June 6, 2008

[Nancy actually posted this in the comments section to the post “Is Baseball Relevant” but the commentary was too good to not be read by those receiving Hoosierati via RSS feed, so I elevated it to post status–Jim]

This is a thoughtful post and covers multiple aspects of the current and past state of baseball. Personally, though, I don’t look at it that way. There is baseball as a sport, as a business, as a reflection of American trends, as an entertainment. Then there is baseball as a Platonic idea. To get to that point, however, you really have to turn to minor league baseball.

No one wrote about this brand of baseball better than Roger Kahn in Good Enough to Dream. Kahn owned the Class A Utica Blue Sox for one season, and his book is about the struggle that he, and his players, went through purely out of a passion for the game contrary to all reason.

Or consider the greatest baseball movie ever made–Bull Durham. It is also the only sports movie in which the ending is not about the team winning or losing the Big Game. That’s because there is no way to win. Summers always end. Players always come to a point when they have to retire. Even though baseball is also the sport that has no clock, thus coming the closest to suspending time, it is still not possible for an inning to go on forever.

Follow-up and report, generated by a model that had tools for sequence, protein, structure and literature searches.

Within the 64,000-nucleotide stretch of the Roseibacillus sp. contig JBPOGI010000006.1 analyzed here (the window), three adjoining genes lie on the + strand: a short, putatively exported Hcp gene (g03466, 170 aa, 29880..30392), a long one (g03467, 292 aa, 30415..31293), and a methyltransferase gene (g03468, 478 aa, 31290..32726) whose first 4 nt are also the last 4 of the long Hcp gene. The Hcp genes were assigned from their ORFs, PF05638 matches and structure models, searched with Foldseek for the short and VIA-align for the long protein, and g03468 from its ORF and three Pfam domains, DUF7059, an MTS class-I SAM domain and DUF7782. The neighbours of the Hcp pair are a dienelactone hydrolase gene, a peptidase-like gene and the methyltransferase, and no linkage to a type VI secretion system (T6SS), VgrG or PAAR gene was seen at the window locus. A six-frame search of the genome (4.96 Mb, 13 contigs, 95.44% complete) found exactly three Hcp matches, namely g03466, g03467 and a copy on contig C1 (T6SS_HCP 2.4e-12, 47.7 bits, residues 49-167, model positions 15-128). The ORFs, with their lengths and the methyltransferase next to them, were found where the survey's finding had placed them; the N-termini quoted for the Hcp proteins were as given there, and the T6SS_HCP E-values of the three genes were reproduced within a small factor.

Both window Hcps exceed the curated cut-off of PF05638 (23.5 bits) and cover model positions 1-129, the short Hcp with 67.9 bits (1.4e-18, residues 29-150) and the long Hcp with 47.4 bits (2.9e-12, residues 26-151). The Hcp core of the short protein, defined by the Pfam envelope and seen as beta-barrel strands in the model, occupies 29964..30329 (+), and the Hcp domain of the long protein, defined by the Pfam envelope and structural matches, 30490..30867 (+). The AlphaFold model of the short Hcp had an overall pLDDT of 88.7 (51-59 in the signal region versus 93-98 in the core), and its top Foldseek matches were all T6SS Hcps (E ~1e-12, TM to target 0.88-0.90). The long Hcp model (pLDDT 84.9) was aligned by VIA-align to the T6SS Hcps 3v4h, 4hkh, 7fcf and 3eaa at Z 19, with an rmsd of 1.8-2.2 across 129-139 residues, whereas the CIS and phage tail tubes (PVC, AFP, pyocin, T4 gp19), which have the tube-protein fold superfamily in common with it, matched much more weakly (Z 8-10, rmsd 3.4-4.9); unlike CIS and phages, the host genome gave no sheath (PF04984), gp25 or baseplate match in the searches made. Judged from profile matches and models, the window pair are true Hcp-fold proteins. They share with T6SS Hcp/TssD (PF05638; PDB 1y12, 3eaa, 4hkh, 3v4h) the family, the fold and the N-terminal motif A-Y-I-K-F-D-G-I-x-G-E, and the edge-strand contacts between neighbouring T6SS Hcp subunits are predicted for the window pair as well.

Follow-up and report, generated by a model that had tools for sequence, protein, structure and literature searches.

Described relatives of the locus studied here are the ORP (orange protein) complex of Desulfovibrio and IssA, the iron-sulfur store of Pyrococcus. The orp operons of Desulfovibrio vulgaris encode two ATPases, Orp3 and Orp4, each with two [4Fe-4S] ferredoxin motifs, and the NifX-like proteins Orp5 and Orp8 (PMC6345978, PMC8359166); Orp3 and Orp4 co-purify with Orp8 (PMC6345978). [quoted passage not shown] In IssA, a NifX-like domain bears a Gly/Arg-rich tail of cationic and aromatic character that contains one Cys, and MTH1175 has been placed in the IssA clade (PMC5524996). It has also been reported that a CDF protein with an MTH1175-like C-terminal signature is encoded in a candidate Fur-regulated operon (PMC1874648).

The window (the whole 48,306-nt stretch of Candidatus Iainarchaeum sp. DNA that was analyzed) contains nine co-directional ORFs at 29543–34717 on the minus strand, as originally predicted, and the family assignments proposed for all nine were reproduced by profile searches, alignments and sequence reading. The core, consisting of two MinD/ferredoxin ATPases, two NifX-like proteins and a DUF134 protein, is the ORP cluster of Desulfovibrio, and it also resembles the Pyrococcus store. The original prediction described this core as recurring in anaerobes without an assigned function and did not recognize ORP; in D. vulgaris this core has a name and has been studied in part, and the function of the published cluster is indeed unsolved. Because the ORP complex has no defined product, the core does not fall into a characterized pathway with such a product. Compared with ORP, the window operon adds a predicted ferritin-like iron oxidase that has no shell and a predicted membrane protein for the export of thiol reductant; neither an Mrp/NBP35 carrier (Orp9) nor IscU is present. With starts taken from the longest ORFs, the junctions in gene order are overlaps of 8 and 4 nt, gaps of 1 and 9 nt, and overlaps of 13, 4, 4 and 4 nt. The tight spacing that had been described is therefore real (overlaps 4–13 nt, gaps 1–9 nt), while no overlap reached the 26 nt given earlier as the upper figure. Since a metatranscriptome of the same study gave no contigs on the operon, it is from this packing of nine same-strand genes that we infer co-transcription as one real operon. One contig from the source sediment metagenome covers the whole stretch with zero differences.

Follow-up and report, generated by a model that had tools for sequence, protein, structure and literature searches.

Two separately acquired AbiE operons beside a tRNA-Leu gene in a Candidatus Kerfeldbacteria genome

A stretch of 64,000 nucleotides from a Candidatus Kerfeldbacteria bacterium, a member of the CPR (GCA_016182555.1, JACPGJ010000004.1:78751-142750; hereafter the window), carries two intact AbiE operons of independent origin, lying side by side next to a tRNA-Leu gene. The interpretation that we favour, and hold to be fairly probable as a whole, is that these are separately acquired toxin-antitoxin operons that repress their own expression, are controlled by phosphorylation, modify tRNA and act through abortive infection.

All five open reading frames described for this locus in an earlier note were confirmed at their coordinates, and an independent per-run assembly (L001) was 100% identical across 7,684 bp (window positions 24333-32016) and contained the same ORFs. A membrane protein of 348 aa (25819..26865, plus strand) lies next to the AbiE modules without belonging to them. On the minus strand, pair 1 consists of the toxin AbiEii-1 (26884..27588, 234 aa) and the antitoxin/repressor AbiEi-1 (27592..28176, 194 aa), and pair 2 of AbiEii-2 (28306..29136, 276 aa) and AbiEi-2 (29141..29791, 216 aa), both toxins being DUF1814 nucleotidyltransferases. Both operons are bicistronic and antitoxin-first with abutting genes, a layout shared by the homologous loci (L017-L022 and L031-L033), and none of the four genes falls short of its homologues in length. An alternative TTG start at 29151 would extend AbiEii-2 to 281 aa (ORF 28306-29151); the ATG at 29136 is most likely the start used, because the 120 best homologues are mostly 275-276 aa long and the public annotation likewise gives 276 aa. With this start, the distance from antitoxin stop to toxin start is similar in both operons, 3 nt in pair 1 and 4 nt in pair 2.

But you live in the perfect moment, and you go to the ballpark because there is always the possibility of seeing something truly extraordinary. Even when my team is losing, when my team is terrible, when steroids wouldn’t help anyway, I still might see something I’ve never seen before. A freak triple play. An arcane rule invoked. I once saw Kevin Gross throw a NO-HITTER in Dodger Stadium. I noticed he had a no-hitter going into the 7th inning, but I didn’t tell anyone. I just held my breath and waited until the announcer finally realized what was happening sometime in the 8th. I don’t know whether the Dodgers had a winning season or not that year, and I don’t care. It was still wonderful.